Atlantic City gambling revenue fell nearly 11 percent in March, marking the third straight month of double-digit declines in a market still hurting from Hurricane Sandy and intense competition from casinos in surrounding states.
Altogether, the 12 casino hotels took in $238.5 million from their slot machines and table games, down 10.5 percent compared to $266.5 million a year ago, according to figures released Wednesday by the New Jersey Division of Gaming Enforcement.
Only the Atlantic Club Casino Hotel posted higher revenue in March, buoyed by a 37 percent increase from its slot machines. Atlantic Club is being bought by the parent company of online global gambling giant PokerStars for an amount not yet disclosed.
Trump Plaza Hotel and Casino continues as the industry’s poorest performer. It had just $6.8 million in revenue for March, a 31 percent drop from a year ago. The California-based Meruelo Group is buying Trump Plaza for $20 million and plans to spend more than $100 million to rebrand the aging property.
Revel, the city’s newest casino, grossed just $9.8 million in March, placing it 10th in the market and providing fresh evidence of the $2.4 billion megaresort’s financial challenges as it moves ahead with its bankruptcy reorganization.
Jeffrey Hartmann, Revel’s interim chief executive officer, said he was encouraged by the casino’s 9 percent growth in gambling revenue from February to March as well as an increase in hotel sales from group business.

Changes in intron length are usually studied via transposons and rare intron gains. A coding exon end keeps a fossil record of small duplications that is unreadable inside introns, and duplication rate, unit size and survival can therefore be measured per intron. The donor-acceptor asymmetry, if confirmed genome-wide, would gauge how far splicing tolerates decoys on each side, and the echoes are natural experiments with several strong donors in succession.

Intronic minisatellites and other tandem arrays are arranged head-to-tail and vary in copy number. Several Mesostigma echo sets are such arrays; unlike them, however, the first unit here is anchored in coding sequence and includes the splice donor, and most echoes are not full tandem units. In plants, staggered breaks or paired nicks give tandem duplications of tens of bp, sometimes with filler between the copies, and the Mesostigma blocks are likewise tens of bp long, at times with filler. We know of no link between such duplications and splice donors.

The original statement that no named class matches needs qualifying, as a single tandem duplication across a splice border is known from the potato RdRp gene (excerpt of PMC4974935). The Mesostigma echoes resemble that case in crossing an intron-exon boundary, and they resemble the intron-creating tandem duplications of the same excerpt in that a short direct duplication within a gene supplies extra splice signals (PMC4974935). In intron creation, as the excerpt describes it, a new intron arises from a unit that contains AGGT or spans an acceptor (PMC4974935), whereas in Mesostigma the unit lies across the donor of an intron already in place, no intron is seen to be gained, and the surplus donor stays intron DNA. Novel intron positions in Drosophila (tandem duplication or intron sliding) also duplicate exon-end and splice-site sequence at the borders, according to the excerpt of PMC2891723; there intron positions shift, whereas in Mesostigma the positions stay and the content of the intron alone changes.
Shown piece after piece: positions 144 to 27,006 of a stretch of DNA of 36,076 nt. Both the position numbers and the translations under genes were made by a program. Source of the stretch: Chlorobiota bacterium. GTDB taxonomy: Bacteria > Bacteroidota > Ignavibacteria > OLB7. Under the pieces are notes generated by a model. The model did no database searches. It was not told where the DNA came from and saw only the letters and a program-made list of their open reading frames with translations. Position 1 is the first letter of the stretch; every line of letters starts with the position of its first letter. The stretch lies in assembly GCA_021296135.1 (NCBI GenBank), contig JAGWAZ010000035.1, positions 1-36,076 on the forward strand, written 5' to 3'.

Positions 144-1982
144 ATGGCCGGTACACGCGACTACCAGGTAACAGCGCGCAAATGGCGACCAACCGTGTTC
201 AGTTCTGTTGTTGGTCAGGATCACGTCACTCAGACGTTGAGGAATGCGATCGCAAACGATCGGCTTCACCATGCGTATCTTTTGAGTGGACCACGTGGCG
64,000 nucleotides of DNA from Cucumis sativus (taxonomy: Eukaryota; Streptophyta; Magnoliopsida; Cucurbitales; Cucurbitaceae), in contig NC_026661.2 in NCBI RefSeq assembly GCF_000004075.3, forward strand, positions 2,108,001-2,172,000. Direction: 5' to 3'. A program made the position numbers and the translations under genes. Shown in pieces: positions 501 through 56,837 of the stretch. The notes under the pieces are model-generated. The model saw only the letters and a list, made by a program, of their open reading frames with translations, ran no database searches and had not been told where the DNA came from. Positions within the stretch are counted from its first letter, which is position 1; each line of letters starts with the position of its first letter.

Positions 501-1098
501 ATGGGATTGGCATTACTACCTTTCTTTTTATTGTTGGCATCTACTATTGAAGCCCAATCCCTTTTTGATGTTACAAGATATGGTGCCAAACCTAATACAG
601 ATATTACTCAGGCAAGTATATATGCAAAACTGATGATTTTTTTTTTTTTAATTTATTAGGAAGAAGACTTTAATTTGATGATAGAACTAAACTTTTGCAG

“In groups, we saw 29 percent growth year-over-year for contracted room nights, and in the month of March, we hosted nearly 1,800 group room nights,” he said.
Hartmann noted that Revel also has benefited from its entertainment lineup, including two nearly sold-out crowds in March for mixed martial arts shows in the 5,000-seat Ovation Hall. This month, Revel will host concerts by Grammy Award-winning artists Alicia Keys and Rihanna.
Casinos have been counting on nongambling attractions, such as hotel rooms, restaurants and concerts, to offset declining revenue from slot machines and table games. Year-end figures released last week by the Division of Gaming Enforcement showed nearly 3 percent growth in nongambling revenue in 2012. Nongambling attractions generated $1.26 billion in revenue in 2012, or 29 percent of the casino industry’s $4.3 billion in total revenue.
However, Atlantic City still can’t shake its slump in gambling revenue. Overall, the market continues to struggle from the lingering effects of Hurricane Sandy, the fragile economy and competition from rival casinos in surrounding states, particularly Pennsylvania. Officials noted during a Greater Atlantic City Chamber of Commerce gathering Tuesday that the resort has not fully recovered from Sandy’s blow in October.
For the first three months of 2013, gambling revenue has declined 12 percent, to $656 million. Barring a dramatic upswing later in the year, 2013 will be the seventh consecutive year of declining revenue.
Hoping to generate more business, the casino-funded Atlantic City Alliance marketing coalition is launching the newest phase of its $20 million “Do AC” advertising campaign for the spring and summer tourist season. Liza Cartmell, the alliance’s president, acknowledged the challenges Atlantic City faces in the ultra-competitive tourism industry.
“It’s a very competitive marketplace for people’s dollars and their time,” Cartmell said.
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